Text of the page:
There have been a few times in my career when I’ve consciously said that things were going well, but that I had a little voice in the back of my head telling me something I was subconsciously trying to ignore. Fortunately for me these have been, in the grand scheme of things, pretty benign – mostly thoughts that I was working on the wrong thing, not that something more sinister was wrong – but time is all you have, and it’s better to spend it working on the right things.

I once spent weeks working on an automated anomaly detection program, whose scope grew from specific insights for a specific data set to a general-purpose framework for large-scale data. I got advice early on that this wasn’t such a good idea - since when you have a million slices, thousands of p<0.001 “anomalies” will show up - but I didn’t really address it and forged on. The silent reason that I was ignoring was that I really wanted to build this to have a promotion-worthy project, but fundamentally our team was one with a few too many engineers chasing too little high-impact work. I ended up moving teams shortly thereafter - but if I had just talked this out with my manager and skip level I could’ve found something more productive to do much sooner.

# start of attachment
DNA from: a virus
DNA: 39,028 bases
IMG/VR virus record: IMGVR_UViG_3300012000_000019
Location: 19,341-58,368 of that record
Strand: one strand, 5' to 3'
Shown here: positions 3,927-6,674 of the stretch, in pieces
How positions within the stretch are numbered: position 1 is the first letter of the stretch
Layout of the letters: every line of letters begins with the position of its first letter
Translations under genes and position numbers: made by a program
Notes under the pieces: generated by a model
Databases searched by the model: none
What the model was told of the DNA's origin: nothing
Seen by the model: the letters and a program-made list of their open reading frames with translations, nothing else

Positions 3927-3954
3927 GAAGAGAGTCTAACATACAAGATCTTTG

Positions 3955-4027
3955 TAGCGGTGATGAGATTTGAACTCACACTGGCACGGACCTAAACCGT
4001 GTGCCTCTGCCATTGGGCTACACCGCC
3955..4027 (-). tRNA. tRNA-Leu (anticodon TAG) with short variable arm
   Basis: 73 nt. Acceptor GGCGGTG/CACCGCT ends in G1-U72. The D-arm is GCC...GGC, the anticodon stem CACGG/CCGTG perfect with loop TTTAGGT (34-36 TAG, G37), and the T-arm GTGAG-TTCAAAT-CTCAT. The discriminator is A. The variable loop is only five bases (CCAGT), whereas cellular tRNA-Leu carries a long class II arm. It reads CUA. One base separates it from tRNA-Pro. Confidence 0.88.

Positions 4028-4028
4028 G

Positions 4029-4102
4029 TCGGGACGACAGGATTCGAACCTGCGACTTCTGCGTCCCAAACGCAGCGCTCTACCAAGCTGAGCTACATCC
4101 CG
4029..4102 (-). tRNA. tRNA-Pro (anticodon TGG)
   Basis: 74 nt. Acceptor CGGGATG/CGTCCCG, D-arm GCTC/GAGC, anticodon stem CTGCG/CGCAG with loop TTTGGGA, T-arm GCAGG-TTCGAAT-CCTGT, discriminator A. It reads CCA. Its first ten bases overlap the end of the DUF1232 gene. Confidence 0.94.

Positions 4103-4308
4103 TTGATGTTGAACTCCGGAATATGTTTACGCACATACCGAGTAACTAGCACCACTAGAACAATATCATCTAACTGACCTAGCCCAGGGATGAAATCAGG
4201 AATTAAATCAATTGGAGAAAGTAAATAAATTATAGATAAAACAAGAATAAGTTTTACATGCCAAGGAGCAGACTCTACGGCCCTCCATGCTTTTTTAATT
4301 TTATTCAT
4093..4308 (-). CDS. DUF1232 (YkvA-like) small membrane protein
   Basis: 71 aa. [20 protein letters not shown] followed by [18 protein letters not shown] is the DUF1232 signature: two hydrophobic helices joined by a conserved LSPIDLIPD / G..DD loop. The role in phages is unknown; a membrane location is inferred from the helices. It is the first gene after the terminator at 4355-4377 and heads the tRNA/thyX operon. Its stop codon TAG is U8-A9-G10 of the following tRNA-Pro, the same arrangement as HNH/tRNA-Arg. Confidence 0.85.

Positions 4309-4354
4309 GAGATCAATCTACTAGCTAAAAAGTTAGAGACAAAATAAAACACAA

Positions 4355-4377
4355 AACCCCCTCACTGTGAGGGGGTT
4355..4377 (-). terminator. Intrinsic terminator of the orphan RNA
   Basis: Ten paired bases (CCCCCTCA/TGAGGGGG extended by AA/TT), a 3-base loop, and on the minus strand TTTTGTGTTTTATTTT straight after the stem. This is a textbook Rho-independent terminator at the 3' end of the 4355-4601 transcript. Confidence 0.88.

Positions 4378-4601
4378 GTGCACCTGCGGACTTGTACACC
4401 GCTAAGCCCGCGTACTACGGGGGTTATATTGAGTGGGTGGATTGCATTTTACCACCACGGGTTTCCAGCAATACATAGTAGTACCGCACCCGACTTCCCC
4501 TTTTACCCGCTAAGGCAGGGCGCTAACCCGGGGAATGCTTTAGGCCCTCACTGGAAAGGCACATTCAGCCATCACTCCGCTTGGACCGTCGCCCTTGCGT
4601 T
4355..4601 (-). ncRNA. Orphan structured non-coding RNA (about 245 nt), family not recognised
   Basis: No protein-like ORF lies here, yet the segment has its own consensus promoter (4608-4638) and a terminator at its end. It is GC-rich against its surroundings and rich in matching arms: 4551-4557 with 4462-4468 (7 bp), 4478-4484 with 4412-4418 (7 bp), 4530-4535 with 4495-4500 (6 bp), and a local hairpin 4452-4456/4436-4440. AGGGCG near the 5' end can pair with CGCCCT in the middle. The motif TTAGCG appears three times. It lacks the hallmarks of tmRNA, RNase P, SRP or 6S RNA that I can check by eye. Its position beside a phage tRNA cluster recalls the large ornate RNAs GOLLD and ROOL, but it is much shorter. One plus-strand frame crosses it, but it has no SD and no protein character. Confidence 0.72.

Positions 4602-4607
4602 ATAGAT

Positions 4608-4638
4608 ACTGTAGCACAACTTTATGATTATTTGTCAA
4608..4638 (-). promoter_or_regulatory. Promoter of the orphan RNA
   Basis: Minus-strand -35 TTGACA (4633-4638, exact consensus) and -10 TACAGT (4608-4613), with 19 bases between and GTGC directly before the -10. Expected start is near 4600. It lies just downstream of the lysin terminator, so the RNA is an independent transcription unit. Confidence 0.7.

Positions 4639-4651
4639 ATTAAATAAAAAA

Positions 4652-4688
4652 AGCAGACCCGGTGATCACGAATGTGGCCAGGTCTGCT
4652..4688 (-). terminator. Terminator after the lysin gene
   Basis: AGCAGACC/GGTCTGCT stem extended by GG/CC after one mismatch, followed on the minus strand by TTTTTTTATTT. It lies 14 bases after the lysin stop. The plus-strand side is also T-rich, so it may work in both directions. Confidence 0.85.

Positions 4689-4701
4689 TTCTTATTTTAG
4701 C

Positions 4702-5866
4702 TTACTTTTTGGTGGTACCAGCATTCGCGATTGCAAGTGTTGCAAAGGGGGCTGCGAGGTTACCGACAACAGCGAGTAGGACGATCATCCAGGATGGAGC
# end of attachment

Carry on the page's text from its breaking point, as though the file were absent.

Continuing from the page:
This also applies to business-level problems. On that next team, I once spent weeks digging into customer lifetime value (CLV) data, looking for ways to make us profitable. I came up with some ideas that sounded nice - improving CLV 25%, wow! But it all ignored the larger issue: almost every customer we had was negative CLV, and it got worse, not better, the more they used our app. I should’ve tackled that, head-on, drastically - maybe it wouldn’t have changed anything, but it was the best chance we had.

Listen to the little voice!